Instrumentally speaking…

27 10 2011

Best seat in the house

As I sit to take a break from drumming I felt compelled to write. Here in my den I am surrounded by music. I have music playing wirelessly to my Vdrum monitor. If I weren’t sitting on the futon warming my crotch with my macbook pro I would likely be sitting at my Kit drumming along to whatever happens to be playing or if I wanted I could fire up Debbie (my Gibson Studio) and strum along happily pretending to be another guy from Weezer.

Having performed on stage many times I can attest to the rush one gets from performing for an audience. To speak to people thru an instrument is something I don’t think I have ever taken for granted. I struggled early to pick up and get pretty good at playing Bass, Guitar and now my latest passion, Drumming.

When I first got my drum kit, A Roland TD4 electronic kit, I was mediocre at best but I loved it so much I just kept playing. I would play to whatever came up in the Shuffle and if I missed a change I would go back and play the song again. I am not saying I am an amazing drummer but I have improved because I love to play and learn. I like mixing it up. I’ll fire up some House beats and try to add my own flava’. Or I’ll pound along to some Foo’s or maybe play my own percussion to some unplugged version of a Dave Matthews song. Doesn’t matter what it sounds like, it’s a form of art. You can basically paint the air with sound waves leaving your own impression.

If you have always wanted to play an instrument, the Recorder, mouth harp, conga drum, guitar, harp, your voice, whatever. DO IT. Be patient and pick something up and learn it, take a lesson. Playing an instrument will add so much pleasure to your life and give you an appreciation of just how talented those artist you listen to all the time actually are. The one and only thing keeping you from doing it is yourself.

Rock on!!

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Wider is better..

19 10 2011

So you’re working at home in the shop, you’re changing your oil – whatever. You’re trying to loosen a bolt and your wrench just isn’t long enough to get enough torque. What do you do? You find a longer wrench or grap a cheater, slip it over the wrench and, Bazinga! The bolt’s loose. It’s called leverage and it gives you mechanical advantage.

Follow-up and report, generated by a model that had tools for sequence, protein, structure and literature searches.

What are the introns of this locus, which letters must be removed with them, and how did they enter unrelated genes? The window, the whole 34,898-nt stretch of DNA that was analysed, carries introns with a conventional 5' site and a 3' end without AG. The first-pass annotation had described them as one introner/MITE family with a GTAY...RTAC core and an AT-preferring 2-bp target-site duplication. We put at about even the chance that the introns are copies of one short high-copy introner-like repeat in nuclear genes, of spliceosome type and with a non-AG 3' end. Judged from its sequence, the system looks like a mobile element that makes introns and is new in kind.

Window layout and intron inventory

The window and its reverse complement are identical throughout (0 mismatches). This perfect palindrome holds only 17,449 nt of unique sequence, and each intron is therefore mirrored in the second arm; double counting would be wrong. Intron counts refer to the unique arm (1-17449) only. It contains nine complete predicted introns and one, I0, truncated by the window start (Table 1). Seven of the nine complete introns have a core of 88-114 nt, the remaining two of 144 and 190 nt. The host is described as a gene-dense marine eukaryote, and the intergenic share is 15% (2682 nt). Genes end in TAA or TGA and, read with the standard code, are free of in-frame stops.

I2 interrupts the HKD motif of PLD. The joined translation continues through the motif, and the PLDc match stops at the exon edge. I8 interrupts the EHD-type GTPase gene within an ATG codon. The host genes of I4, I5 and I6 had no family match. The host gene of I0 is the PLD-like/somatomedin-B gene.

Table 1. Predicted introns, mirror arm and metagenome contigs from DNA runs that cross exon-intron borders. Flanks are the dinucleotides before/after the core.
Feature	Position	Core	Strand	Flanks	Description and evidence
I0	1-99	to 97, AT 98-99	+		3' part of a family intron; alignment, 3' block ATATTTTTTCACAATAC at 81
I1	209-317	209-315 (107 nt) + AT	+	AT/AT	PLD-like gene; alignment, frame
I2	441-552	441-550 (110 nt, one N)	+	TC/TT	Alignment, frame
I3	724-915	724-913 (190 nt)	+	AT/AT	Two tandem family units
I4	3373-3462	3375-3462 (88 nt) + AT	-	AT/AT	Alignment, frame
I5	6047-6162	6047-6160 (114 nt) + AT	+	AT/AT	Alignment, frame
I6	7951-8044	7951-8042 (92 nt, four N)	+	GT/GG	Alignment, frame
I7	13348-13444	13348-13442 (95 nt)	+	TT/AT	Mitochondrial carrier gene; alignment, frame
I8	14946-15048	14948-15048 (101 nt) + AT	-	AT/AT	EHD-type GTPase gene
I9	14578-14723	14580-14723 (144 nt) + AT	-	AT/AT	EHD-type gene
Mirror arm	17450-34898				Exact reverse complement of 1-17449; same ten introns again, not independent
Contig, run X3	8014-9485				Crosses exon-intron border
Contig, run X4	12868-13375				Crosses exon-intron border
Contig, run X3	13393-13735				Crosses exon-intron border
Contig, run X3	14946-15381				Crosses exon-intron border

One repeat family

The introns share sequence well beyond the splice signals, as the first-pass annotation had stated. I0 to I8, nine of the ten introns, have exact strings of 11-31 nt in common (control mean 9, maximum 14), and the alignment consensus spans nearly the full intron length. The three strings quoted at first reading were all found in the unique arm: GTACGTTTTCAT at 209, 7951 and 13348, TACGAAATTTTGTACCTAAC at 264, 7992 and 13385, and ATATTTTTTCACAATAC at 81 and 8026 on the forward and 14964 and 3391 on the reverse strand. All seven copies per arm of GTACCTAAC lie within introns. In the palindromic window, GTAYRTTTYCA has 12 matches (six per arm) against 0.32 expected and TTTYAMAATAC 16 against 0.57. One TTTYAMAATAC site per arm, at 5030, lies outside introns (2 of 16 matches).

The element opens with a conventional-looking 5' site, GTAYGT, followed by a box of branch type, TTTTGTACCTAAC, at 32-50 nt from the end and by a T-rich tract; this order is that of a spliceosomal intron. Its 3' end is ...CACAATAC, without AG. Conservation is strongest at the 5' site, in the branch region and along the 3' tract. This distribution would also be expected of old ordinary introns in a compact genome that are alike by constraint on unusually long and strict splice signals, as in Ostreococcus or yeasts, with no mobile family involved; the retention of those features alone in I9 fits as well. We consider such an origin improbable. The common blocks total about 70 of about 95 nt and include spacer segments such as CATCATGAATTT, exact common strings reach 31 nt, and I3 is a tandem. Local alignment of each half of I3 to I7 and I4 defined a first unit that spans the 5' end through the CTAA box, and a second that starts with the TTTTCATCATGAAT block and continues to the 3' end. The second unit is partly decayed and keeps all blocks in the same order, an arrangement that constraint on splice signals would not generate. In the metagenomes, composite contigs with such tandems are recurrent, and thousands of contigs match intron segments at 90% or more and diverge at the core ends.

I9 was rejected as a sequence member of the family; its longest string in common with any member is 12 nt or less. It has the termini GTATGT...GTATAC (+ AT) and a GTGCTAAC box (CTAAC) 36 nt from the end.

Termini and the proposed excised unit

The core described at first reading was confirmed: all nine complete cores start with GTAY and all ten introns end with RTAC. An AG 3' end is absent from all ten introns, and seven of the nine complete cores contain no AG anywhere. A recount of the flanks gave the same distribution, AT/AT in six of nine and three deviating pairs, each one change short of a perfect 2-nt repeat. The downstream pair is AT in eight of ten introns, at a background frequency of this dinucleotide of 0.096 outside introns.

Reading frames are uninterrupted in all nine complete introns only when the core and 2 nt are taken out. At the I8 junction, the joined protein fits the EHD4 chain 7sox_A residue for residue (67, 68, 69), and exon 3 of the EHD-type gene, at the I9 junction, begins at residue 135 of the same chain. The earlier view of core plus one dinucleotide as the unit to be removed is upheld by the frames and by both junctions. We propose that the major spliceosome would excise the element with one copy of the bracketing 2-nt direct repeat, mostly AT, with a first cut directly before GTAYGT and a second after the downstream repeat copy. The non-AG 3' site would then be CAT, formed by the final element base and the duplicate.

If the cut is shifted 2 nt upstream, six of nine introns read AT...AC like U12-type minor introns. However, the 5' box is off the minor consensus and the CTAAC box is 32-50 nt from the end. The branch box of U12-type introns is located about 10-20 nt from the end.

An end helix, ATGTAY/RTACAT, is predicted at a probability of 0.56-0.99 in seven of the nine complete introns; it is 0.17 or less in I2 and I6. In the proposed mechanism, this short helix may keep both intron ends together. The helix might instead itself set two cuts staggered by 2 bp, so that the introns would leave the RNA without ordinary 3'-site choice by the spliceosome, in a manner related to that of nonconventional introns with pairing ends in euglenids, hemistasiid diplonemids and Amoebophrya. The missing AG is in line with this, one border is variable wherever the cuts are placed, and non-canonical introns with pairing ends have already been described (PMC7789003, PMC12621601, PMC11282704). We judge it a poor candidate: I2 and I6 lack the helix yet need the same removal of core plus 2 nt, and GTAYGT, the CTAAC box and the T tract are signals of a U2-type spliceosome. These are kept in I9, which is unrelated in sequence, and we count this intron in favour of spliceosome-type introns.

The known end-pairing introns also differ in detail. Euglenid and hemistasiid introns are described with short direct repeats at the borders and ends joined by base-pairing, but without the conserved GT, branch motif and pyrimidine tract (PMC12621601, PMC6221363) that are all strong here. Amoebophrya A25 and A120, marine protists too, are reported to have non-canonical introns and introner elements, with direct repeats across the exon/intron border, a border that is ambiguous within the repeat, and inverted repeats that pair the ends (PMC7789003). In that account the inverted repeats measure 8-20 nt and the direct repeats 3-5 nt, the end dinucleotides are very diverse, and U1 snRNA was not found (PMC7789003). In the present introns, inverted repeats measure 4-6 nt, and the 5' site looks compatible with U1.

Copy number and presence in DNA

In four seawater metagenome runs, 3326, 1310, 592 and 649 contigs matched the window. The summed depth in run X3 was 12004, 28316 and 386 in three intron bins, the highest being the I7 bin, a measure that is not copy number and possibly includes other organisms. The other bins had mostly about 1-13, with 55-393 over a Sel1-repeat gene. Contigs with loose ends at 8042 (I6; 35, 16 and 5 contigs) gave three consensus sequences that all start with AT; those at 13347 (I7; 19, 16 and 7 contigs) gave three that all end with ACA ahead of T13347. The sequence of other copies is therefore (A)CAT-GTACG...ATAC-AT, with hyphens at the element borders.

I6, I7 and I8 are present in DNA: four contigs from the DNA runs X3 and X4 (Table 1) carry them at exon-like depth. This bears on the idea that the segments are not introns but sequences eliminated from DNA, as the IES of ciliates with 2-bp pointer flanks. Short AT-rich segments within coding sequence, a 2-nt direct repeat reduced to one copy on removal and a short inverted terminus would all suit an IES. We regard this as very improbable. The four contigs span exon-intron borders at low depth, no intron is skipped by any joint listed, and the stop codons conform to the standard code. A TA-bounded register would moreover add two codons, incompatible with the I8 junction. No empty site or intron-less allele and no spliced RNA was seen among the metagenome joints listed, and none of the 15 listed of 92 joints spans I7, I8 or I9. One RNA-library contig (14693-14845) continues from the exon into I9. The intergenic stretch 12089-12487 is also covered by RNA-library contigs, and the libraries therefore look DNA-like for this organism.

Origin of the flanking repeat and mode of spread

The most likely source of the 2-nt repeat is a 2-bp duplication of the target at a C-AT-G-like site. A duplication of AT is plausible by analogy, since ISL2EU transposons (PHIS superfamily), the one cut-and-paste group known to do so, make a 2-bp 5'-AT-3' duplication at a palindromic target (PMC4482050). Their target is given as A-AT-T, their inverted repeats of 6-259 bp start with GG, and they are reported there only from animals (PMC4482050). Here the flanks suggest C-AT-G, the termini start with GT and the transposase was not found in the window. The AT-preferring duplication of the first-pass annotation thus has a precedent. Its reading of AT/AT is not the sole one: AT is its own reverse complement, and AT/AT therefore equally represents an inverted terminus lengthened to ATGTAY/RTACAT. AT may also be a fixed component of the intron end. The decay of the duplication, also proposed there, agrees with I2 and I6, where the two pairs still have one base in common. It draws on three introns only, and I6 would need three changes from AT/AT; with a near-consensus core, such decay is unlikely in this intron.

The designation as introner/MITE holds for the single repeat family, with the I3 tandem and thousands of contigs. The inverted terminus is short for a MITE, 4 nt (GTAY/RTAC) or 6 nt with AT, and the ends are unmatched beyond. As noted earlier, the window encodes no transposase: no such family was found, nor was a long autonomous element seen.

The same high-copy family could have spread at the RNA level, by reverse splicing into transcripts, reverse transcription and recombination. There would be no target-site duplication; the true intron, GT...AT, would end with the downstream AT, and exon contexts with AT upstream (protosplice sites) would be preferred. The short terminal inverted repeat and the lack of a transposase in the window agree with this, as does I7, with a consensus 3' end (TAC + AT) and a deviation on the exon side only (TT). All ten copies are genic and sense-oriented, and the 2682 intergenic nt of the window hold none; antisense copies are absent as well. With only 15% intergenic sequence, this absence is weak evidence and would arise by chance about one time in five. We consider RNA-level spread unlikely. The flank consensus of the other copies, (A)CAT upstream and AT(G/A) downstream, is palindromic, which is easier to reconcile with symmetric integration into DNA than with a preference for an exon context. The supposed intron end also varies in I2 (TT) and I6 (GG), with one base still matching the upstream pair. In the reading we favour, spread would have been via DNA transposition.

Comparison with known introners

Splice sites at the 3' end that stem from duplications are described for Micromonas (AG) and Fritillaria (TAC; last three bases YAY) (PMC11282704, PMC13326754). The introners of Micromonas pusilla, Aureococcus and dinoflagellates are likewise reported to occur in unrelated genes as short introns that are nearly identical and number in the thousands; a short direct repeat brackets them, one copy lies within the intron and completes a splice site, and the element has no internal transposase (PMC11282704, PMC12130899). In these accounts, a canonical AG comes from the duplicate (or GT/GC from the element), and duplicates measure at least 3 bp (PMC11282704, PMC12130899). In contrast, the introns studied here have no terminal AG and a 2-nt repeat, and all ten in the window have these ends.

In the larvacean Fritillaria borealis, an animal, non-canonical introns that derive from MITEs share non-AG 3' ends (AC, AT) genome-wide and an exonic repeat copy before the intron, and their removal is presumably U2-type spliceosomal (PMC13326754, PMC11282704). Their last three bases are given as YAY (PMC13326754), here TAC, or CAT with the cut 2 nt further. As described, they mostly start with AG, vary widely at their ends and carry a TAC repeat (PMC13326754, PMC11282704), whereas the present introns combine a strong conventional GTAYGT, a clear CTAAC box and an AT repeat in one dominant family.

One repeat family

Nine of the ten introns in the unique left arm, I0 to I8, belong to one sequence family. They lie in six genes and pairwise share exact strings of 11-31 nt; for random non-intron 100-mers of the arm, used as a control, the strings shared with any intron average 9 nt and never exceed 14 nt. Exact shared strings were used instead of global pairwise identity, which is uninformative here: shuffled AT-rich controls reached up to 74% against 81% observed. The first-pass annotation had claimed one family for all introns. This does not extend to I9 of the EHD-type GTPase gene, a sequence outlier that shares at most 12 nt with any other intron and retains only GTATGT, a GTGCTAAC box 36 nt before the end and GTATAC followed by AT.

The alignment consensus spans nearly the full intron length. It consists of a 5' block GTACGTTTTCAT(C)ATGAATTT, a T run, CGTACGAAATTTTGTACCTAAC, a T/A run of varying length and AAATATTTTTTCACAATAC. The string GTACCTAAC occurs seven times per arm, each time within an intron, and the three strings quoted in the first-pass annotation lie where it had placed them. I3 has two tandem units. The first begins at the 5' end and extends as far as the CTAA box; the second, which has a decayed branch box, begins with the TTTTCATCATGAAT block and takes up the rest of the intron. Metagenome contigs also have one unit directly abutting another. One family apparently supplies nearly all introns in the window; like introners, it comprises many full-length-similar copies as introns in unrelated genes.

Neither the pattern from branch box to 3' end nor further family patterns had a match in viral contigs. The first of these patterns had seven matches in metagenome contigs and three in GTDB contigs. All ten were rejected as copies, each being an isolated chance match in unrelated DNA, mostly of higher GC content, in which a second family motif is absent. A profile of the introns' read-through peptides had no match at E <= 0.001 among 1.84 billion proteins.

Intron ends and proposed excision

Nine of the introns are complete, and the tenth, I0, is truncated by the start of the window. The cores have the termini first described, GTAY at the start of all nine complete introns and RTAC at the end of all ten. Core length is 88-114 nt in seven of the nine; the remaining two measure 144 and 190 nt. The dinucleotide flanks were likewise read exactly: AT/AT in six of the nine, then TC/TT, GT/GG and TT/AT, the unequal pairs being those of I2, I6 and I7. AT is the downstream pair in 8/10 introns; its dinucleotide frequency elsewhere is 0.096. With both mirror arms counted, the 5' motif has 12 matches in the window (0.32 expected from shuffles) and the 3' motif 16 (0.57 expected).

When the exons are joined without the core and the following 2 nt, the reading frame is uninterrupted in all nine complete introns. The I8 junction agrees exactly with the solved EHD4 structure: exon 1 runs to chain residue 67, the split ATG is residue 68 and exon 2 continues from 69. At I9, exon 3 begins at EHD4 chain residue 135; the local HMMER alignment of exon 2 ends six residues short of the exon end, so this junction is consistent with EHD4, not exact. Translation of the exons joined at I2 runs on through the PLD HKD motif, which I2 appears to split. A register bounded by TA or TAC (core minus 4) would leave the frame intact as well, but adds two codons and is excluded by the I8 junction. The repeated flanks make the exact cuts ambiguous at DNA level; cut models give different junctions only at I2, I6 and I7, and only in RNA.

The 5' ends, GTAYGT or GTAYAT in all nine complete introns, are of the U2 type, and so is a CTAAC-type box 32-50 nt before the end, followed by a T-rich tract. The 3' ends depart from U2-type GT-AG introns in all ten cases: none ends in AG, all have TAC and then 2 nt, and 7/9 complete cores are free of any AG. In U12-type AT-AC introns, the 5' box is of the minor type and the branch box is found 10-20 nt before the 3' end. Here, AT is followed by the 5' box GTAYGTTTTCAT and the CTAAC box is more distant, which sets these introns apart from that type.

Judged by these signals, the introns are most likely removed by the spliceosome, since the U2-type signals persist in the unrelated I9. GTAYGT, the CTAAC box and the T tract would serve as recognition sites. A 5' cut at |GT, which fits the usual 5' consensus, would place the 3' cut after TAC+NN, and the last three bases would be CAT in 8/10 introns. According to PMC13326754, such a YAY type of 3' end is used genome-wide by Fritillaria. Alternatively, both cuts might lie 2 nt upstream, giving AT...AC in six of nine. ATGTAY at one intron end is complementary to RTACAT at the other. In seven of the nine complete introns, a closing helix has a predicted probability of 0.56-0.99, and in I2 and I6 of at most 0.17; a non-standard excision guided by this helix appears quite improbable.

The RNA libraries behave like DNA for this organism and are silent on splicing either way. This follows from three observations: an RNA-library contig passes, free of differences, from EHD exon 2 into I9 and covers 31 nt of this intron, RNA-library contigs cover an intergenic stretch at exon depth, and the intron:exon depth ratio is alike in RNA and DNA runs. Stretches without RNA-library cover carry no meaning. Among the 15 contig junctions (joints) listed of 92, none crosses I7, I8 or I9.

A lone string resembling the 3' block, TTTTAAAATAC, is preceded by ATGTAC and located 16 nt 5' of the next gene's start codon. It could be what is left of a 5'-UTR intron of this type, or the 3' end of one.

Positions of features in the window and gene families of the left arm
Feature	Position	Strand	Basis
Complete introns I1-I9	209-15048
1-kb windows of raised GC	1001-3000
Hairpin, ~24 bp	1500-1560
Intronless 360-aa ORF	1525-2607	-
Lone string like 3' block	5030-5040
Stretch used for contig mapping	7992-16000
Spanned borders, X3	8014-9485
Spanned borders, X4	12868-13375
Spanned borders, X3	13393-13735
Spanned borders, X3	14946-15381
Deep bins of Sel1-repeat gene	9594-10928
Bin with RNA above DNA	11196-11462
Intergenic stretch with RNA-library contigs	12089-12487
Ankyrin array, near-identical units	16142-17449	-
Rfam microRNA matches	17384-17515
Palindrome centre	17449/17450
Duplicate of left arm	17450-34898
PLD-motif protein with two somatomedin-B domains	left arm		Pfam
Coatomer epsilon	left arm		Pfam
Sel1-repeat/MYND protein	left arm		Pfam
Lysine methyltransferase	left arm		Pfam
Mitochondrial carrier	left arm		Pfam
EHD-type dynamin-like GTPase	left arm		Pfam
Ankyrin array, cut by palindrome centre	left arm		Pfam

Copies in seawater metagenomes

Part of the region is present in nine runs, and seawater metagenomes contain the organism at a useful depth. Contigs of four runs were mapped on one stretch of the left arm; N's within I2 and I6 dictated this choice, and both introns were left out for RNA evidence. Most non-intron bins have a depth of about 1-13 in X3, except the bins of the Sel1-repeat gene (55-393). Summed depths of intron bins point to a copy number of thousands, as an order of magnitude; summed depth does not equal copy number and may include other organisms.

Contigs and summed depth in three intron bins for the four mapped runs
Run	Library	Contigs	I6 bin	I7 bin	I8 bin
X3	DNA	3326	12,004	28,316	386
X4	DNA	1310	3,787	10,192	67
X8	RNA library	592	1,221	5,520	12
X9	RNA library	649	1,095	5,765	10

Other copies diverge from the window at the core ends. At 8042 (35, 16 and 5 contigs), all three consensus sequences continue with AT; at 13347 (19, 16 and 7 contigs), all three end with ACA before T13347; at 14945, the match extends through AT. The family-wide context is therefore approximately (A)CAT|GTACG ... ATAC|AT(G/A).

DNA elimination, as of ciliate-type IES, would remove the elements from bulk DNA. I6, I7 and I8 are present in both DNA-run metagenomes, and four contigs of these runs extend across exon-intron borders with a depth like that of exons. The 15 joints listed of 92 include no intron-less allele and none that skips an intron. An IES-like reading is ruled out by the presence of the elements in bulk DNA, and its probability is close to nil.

This same theory can be applied to mountain biking as well. I have been rocking wide bras for years, even wider this year when I picked up some Chromag OSX 760mm bars. 760mm is 30 inches. That’s almost a metre wide! For those of you not convinced here are a couple points to consider.

1) Wider bars place you in a more aggressive stance over the bike. This means more stability which makes you better prepared for all conditions.

2) Ever notice that it’s easier to do a bench press when your hands are placed further apart? This mechanical advantage can also be applied to wide bars. Not that you’re bikes weighs 200lb. but the front end of my ride does exactly what I want it to do with the least amount of input because I have mechanical advantage. This can also get you into trouble!

3) You can apply the same theory above to climbing. Apply this with another gym analogy. Try doing a pull down with your hands together. I know, right? Now try with your arms spread. Exactly… When the climbing gets technical and steep having a wide bar gives you more room for your legs to maneuver when you are riding the rivet.

4) I am a barrel chested Irishman so having all that room up front for my lungs to inflate is fantastic!

The only con to wide bars that I can think of can be seen in the image above. You really need to learn your width before you go tearing thru the goal posts.  If you are thinking about going wide which will change the geometry of the ride consider your geometry. If you are a 5′ tall and a buck five then a 760mm bar might feel like a flag pole so cut the bar as appropriate to your own body.

What do you think?